A couple of weeks ago, my best frenemy said to me, “You know, is it really still ‘Sarah’s Big Idea’? It seems like you only ever do little stuff now.”
Frenemies are the worst. You can spend months or even years unconsciously tuning out everything they say, and then one day, BAM! A single sentence suddenly penetrates your frenemy fog and you are like, well, damn. He is right. I am a pathetic shell of my former glorious self.
You know what it is? I don’t give two shits about the woodwork.
There, I said it.
I don’t give two shits about the woodwork, but now that it has begun, I am trapped. We are talking about putting our house on the market, and I have been expressly forbidden by both Chris and our realtor not to do any of the projects that I want to do.
You know what that means? It means I can’t do anything interesting. I’ve been put in creative jail.
Painting the woodwork had to be done in order to hide obvious flaws from potential buyers. It is a little idea. It is a very nit-picky, time-consuming, non-photogenic idea, but it is little. I hate everything about this project, possibly including the fact that I am painting 113-year-old-woodwork. Yeah. Maybe I never really came to grips with that.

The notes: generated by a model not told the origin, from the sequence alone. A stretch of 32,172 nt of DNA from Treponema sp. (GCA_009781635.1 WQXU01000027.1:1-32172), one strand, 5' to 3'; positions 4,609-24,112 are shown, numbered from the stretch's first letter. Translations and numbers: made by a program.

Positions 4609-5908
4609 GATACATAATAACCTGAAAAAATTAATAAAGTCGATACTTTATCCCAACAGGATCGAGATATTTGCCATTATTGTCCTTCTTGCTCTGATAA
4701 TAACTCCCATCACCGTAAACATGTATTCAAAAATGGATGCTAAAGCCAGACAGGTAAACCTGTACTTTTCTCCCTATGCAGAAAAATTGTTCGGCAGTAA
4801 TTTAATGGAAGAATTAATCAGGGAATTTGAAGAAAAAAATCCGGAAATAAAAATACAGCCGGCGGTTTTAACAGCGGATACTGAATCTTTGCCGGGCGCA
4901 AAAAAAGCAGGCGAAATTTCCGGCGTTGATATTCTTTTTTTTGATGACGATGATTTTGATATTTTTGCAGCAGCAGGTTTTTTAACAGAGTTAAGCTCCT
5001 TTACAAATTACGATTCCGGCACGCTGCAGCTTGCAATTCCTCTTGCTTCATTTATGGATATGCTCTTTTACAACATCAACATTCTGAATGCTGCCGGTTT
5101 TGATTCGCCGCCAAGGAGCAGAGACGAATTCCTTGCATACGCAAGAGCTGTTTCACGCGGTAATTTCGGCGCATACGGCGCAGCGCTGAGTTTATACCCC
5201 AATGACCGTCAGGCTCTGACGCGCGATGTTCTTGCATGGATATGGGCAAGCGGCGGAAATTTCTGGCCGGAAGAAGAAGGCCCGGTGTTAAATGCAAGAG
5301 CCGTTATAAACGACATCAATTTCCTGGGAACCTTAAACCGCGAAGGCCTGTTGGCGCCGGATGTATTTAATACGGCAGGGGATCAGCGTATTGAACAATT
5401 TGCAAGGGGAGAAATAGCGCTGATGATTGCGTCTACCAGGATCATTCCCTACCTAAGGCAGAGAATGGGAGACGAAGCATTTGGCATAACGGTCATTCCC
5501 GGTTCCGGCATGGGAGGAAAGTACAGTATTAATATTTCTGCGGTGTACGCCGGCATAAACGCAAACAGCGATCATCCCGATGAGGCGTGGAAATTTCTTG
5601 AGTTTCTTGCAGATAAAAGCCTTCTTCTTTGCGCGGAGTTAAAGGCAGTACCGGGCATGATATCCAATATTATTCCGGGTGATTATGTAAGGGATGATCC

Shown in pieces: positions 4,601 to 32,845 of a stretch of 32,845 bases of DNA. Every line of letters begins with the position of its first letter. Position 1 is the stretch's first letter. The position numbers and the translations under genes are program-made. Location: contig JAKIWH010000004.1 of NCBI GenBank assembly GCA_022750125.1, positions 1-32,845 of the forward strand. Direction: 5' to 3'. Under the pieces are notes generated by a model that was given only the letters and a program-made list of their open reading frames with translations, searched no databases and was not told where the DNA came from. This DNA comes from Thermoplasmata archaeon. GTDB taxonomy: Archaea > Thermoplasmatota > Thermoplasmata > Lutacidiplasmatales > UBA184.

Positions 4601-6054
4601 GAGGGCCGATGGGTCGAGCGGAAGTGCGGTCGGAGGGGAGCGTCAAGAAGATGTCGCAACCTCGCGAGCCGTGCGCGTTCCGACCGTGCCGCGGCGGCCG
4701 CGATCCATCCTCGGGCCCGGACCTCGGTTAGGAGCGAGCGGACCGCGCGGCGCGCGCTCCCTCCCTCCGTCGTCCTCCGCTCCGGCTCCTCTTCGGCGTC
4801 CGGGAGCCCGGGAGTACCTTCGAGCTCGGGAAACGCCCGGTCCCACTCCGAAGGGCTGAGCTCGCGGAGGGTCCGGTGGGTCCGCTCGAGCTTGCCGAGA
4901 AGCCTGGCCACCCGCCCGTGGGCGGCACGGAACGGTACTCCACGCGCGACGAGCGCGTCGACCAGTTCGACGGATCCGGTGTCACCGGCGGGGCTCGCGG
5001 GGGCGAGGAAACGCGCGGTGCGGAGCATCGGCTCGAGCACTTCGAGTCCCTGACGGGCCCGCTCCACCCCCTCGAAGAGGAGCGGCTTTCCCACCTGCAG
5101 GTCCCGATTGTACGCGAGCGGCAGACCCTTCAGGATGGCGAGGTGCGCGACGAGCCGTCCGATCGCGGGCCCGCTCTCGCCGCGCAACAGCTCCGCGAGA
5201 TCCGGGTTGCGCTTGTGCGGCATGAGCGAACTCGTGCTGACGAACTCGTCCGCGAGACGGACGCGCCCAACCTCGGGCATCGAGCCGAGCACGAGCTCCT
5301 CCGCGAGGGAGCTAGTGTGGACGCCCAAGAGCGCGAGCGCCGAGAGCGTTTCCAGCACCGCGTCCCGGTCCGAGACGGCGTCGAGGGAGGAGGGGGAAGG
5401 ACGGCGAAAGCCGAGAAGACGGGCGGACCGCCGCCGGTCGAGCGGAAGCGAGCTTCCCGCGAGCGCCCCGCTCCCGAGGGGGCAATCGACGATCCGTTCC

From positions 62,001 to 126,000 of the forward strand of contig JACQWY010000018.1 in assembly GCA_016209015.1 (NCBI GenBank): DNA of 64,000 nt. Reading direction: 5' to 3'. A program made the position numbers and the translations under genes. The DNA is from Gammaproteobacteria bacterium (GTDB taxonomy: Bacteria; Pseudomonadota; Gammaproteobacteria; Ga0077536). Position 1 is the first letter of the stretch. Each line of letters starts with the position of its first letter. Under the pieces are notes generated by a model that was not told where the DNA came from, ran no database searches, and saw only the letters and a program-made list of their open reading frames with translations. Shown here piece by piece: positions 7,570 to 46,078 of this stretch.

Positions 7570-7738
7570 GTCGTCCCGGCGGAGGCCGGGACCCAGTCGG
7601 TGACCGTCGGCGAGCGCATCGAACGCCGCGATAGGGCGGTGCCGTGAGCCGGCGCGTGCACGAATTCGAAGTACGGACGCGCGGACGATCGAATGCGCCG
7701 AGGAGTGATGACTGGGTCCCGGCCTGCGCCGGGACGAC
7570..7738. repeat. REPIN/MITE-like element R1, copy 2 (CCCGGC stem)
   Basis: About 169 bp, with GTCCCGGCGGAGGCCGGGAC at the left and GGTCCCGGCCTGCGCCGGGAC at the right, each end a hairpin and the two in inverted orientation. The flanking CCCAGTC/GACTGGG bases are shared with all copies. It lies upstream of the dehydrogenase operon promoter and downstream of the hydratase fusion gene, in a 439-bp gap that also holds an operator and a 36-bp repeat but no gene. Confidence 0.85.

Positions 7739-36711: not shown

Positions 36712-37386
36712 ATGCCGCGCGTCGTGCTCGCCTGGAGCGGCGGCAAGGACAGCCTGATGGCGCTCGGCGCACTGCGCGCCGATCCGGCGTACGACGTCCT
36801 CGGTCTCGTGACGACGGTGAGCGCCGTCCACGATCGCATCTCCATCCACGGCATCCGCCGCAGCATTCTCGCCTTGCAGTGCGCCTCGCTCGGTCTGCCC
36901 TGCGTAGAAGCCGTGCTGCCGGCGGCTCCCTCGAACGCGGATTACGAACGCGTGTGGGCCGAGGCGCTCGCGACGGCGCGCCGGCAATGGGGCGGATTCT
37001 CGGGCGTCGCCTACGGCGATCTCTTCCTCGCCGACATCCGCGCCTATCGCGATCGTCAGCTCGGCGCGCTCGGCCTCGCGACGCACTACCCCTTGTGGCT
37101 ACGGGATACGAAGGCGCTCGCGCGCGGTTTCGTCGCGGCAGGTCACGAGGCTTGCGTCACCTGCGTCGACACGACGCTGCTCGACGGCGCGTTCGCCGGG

And yet, here we are. In the process of sanding that first coat of primer.
It’s slow, and it’s messy, and it’s frustrating…and it’s necessary to ensure that the final product doesn’t look like someone carelessly slapped some paint on without caring. It’s also killing me, because it makes it look like this god-awful project is actually moving backwards.
So you know what? I’m not going to sand anymore. If it ends up looking like I carelessly slapped some paint on without caring, well, that’ll be because I don’t care. I’ve tried to make myself care, but I don’t. So for my sanity, and yours, and for the sake of this blog which is desperately in need of ideas bigger than this one, I’m going to carelessly slap some paint on without caring.
Somehow, I think that my standards for “good enough” are going to be waaaaay higher than a potential buyer’s. If bumpy woodwork scares them off, then they probably weren’t the best owners for a house like this, anyway.
So, in like, a week or two, I’ll have some paint carelessly slapped on the woodwork, and we can put this whole woodwork business behind us. And then we can talk about painting the walls. And de-popcorning the ceiling. And we can discuss window treatments. And the ceiling fan from 1985. And the fireplace surround.
Because the house isn’t on the market…yet.
And I cannot be contained forever.